“Researchers at the Centre for Social Responsibility in Mining interviewed employees at several dozen major international corporations who are involved with extractive activities, and found that companies are increasingly having to deal with the social and environmental impacts of their work, and that it’s hurting them where it hurts most: their bottom lines.”
“The researchers, led by Daniel Franks, took a look at 50 planned major extractive projects (oil drilling, new mine construction, that sort of thing) and found that in fully half of them, local people launched some sort of “project blockade.” In 40 percent of the projects, someone died as a result of a physical protest, and 15 of the projects were suspended or abandoned altogether, according to Franks’ study, published in Proceedings of the National Academy of Sciences.”
“There is a popular misconception that local communities are powerless in the face of large corporations and governments,” Franks said in a statement. “Our findings show that community mobilization can be very effective at raising the costs to companies.”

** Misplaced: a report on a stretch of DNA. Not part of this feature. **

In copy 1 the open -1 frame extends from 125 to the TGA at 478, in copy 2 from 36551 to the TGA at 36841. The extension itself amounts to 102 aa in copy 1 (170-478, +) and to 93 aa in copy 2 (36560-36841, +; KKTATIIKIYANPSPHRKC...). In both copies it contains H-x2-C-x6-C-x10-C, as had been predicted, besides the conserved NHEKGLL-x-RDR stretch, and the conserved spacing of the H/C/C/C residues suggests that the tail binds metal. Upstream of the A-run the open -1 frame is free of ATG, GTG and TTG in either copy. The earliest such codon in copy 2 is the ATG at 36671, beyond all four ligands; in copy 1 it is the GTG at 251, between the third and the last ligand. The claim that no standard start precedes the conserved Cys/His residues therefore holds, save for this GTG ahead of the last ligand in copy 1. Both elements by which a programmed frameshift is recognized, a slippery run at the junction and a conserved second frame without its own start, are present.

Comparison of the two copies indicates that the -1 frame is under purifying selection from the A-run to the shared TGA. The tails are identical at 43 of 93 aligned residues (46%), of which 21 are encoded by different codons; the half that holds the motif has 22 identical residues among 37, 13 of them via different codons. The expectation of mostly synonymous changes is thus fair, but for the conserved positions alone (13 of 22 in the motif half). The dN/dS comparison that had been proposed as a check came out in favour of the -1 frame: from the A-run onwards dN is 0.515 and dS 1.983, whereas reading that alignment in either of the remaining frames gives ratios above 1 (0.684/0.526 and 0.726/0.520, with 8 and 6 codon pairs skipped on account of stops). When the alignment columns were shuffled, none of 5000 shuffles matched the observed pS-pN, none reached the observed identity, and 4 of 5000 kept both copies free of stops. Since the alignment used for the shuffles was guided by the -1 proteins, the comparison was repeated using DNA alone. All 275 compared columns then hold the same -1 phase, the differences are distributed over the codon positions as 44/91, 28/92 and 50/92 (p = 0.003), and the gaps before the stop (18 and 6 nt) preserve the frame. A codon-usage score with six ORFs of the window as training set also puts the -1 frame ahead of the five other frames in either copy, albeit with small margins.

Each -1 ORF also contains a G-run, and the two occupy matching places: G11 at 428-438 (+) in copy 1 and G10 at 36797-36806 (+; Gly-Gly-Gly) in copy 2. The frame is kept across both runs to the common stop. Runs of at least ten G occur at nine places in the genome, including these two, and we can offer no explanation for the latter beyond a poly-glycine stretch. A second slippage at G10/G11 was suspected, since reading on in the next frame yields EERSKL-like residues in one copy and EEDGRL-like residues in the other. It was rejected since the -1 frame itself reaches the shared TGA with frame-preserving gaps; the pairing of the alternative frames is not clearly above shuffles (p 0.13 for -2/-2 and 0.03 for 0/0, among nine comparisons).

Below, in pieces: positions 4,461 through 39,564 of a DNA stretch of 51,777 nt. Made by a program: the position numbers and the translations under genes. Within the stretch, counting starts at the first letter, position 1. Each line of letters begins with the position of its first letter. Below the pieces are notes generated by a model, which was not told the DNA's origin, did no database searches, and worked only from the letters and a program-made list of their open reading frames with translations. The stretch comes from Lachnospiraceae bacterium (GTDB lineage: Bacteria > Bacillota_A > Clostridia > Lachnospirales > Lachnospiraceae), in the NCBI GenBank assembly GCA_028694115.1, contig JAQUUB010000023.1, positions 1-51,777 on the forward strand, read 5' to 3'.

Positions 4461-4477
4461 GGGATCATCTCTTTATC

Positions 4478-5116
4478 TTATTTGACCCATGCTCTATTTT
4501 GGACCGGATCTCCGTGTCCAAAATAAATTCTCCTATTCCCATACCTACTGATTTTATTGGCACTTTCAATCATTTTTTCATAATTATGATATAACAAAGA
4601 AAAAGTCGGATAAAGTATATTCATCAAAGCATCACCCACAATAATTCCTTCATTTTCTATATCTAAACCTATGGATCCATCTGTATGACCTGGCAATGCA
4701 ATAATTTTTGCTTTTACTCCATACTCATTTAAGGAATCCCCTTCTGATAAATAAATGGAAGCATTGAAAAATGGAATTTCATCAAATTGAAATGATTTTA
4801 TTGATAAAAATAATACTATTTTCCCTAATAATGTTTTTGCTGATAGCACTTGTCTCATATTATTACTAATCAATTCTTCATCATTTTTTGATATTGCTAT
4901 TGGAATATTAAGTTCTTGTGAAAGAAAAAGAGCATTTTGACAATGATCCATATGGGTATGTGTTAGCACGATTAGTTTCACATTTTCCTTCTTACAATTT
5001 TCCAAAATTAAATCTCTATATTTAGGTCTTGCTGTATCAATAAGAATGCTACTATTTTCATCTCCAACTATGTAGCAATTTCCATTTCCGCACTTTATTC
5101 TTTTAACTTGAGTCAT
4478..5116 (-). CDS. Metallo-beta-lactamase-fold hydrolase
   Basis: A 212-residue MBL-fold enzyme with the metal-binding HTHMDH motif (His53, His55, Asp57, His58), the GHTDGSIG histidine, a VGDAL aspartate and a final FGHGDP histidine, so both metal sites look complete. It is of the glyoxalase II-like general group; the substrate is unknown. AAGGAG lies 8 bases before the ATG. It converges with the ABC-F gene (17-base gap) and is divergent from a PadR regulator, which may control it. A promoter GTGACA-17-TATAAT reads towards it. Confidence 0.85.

And also that:
“Delays, even early in a project, can be extremely costly—at a major mining project, $20 million per week in lost revenues and lost investment isn’t uncommon. According to the study’s respondents, a nine-month delay at a Latin American mine cost a company $750 million; protests that shut down power lines at another operation cost $750,000 a day. Even before drilling or extraction has started, lost wages and startup delays can cost $50,000 a day when programs are forced to a standstill after they’ve started.”
On October 30 and 31st in London around 15 oil, gas, mining, and heavy industry executives will be joining Professor Wayne Dunn and myself along with some former senior executives/CSOs from oil, gas, biofuels, palm oil/agribusiness and mining industries to focus on ways to engage stakeholders in difficult situations.
There are a few places left if you’d like to join us or send a colleague along. It will be interesting. We also have a special guest speaker from the mining sector joining us.